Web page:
Domain Driven Architecture

27. September 2016 By: Thomas Jakob

Inspecting Pallet Sessions

Analyzing an executed pallet session

Have you ever found yourself with a pallet session after an pallet.api/left and asked yourself...

  • What actually happened on my nodes?


  • What informations are contained in this session?

Here is a short overview of some tools to inspect the session. We used only one node (localhost) and did run the configure phase to show some examples. Feel free to analyze your own sessions!

Using tools from pallet.repl:

The most simple way is using pallet.repl/session-summary:

(pallet.repl/session-summary (pallet.api/lift ...))
PHASES: configure
GROUPS: local
  PHASE configure:
    GROUP local:
      NODE OK

This shows you a small overview about phases, groups, nodes and "OK" or "ERROR" to indicate if there were any problems. This is good to see again which nodes have been touched. To see more details about the executed actions there is pallet.repl/explain-session:

(pallet.repl/explain-session (pallet.api/lift ...))
PHASES: configure
GROUPS: local
  PHASE configure:
    GROUP local:
          CONTEXT: [someinstalls: owncloud]:
          | #!/usr/bin/env bash
          | set -h
          | echo '[someinstalls: owncloud]: Package source...';
          | {
          | echo '[someinstalls: owncloud]: remote-file /etc/apt/sources.list.d/owncloud-client.list...';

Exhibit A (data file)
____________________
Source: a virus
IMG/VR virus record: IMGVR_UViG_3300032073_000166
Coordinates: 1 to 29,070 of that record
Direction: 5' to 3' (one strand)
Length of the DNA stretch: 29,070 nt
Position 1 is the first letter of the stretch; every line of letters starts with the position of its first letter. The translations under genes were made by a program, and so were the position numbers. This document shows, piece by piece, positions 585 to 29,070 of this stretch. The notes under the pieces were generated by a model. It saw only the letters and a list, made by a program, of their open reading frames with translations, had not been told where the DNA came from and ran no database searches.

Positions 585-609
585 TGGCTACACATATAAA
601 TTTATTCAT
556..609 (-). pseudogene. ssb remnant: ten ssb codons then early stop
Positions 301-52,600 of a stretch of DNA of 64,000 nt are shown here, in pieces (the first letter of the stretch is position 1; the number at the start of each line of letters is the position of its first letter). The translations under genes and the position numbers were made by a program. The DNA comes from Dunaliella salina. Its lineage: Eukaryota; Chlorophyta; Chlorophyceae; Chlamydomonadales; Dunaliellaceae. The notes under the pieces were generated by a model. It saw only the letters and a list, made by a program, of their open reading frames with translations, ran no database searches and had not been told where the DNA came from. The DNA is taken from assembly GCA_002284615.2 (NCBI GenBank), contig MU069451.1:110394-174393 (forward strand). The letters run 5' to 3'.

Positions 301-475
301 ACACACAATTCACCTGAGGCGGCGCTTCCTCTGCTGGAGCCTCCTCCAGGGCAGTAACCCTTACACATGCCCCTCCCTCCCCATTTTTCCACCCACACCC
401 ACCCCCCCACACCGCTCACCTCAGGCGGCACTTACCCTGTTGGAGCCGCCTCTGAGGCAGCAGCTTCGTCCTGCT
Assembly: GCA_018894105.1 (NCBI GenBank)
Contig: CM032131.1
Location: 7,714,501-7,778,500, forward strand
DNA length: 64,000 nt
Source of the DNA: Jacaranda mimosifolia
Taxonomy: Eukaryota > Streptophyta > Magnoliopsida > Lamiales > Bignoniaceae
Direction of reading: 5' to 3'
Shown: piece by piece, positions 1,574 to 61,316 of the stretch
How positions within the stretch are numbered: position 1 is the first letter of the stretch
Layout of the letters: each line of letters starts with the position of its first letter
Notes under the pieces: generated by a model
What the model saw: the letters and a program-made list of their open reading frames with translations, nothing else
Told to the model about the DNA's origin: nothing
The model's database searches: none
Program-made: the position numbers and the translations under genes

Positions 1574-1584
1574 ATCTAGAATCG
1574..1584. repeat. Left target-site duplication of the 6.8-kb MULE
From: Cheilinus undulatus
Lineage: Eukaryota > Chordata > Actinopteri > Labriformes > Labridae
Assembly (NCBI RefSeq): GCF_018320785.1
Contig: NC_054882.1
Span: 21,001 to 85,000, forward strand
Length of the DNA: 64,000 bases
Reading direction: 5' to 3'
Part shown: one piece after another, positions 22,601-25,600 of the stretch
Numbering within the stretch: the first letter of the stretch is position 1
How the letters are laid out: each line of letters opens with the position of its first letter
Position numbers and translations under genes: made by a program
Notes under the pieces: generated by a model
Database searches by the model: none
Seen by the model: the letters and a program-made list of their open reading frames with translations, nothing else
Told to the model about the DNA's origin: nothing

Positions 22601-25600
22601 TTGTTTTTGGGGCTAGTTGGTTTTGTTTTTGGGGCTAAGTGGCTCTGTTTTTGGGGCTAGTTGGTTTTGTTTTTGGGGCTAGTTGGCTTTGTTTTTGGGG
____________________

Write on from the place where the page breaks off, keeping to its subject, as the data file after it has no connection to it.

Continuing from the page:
| {
          | {
          | # -- START pallet implementation function
          | verify_md5() {
//*** snip ***//

Even simple lifts create a lot of output this way and it's not really human-readable. This shows you every script and result that is executed on a node. In our example the first action adds a repository to install an owncloud-client and you see the beginning pallet implementation of the bash script to add the repository.

Using tools from dda.pallet.commons.session-tools:

You can find the sources for the tools in our dda-pallet-commons repository on GitHub. Our goal was to provide easy tools to inspect and archive the actions performed on a node. It might also help you debugging what happened without searching in very very long logfiles.

   "/home/john/session.xml" (session-tools/explain-session-xml (pallet.api/lift ...)

This creates a very simple xml-file from the pallet session map and this is not meant to be viewed. We use an xsl stylesheet transformation to show it in your favorite browser. The result looks like this:

While the look and feel can still be improved it already helps us a lot. To start inspect the session you might:

  • Inspect the performed actions without getting overwhelmed by long scripts and outputs. Just expand whatever you need to see. If you got any errors look for the exit code of the actions.
  • Inspect the session (as a clojure map) itself in the top.

You might also perform a plan on a mock-node to see what would happen by using

   "/home/john/plan.xml" (session-tools/explain-plan-xml a-pallet-plan-fn))

If you want to learn more about these methods have a look at the namespace that contains some mocking tools.

Tags: opensource clojure pallet debugging session

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